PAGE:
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Mark Stoops Read to a Classroom of Children to Secure a Four-Star Commitment

Kentucky’s coaching staff is willing to go to great lengths to create lasting connections with talented recruits. If that means reading a book to a group of elementary school children, so be it.

On the penultimate weekend of the recruiting period, Auburn was blitzing Jeremy Flax. In need of a tackle to play right away, Gus Malzahn offered the JUCO All-American a scholarship and flew him to The Plains for an official visit four days later. After that visit, most recruiting analysts believed it was Auburn’s battle to lose. Then, Kentucky made a big move.

Upon Flax’s return to Kansas, Eddie Gran and John Schlarman flew to Indy’s campus to speak with Flax in-person. While they were talking to the offensive lineman, Mark Stoops and Steve Clinkscale were meeting with Flax’s mother in the Detroit suburb of Dearborn Heights.

Stoops and Clink have visited many high schools over the years. This time they were visiting the elementary school where Flax’s mother teaches. When it was story-time in her classroom, the coaches did not flinch. Coach Clink was the first to pick up a book and read to the class.

“He was butchering it up so bad I felt the need to grab the next book,” Stoops said on Early Signing Day.

“I did a really good job of reading mine. Then I asked the kids afterwards who did a better job, me or Coach Clink. They all pointed to Coach Clink. I was a little disappointed. That bummed me out because I was real enthusiastic, showed them the pictures and everything.”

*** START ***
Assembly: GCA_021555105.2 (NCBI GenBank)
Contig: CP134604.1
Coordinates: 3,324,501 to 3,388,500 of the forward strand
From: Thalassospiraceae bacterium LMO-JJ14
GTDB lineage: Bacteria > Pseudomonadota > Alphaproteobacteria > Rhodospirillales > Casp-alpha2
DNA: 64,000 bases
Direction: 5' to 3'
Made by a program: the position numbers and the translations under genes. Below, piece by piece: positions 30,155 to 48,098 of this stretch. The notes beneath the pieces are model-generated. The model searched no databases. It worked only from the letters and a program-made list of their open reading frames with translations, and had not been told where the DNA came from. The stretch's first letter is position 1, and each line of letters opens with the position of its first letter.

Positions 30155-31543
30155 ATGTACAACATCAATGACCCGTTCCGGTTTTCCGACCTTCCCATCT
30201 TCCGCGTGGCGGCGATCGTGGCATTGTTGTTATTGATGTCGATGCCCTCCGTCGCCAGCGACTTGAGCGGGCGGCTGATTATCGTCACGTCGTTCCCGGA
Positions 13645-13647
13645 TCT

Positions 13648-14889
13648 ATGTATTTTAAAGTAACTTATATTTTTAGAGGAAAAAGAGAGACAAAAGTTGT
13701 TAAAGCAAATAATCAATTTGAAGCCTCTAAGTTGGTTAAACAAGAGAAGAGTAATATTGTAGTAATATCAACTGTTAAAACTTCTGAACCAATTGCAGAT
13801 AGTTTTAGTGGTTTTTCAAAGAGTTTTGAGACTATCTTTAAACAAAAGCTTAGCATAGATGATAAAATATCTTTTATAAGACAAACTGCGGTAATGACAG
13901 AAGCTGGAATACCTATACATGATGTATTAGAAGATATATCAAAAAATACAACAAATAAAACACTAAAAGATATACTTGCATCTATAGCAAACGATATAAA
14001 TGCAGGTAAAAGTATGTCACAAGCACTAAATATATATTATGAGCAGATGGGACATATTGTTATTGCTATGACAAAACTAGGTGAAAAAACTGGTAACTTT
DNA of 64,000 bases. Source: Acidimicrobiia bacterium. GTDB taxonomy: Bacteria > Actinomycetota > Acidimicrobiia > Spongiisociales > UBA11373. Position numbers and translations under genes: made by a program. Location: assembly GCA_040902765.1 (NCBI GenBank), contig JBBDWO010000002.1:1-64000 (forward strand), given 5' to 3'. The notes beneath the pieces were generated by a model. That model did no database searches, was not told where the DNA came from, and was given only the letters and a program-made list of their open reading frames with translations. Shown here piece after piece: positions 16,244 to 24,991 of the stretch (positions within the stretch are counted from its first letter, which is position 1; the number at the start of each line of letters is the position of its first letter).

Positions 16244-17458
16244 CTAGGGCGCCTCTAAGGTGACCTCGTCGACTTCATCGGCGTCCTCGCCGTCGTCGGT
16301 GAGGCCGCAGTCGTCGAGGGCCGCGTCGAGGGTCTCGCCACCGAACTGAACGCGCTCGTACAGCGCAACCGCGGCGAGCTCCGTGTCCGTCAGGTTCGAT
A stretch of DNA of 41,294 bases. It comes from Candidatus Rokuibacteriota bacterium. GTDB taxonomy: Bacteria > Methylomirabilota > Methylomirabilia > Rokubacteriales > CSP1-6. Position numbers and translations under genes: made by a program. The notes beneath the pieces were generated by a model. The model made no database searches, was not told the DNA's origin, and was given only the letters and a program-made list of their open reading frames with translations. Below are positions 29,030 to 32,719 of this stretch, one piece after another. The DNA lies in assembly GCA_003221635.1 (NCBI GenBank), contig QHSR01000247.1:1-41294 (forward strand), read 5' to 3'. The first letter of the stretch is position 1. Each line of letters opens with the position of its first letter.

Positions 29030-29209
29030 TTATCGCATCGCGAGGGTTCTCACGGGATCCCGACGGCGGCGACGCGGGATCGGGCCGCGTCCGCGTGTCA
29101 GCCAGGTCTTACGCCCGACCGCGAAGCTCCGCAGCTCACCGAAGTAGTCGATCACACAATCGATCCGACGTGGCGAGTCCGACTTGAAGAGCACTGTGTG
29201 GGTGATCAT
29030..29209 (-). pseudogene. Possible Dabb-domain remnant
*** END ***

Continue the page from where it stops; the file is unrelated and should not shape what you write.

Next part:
Despite his loss to Coach Clink, Stoops won the battle against Auburn for Jeremy Flax’s services. The four-star offensive tackle committed Tuesday night, just hours before submitting his National Letter of Intent.

Clinkscale’s ability to create early lasting relationships helped the Wildcats sign four players from the state of Michigan — Flax, Justin Rogers, Earnest Sanders and Deondre Buford. Even if it meant hearing Vince Marrow make fun of his reading ability back in Lexington, he was willing to do whatever it took to get Flax to UK.

“You wanna make people feel that you can connect to their family. I was just glad I wasn’t in school when they were reading them books. I would have really messed that up,” said Marrow. “I’ve done a lot of things, but I never went so far to read to some first graders.”

When it’s time to go to war on the trail, Stoops and his staff aren’t pulling any punches. “We’re all in.”

Article written by Nick Roush

"Look upon the doughnut, and not upon the hole." @RoushKSR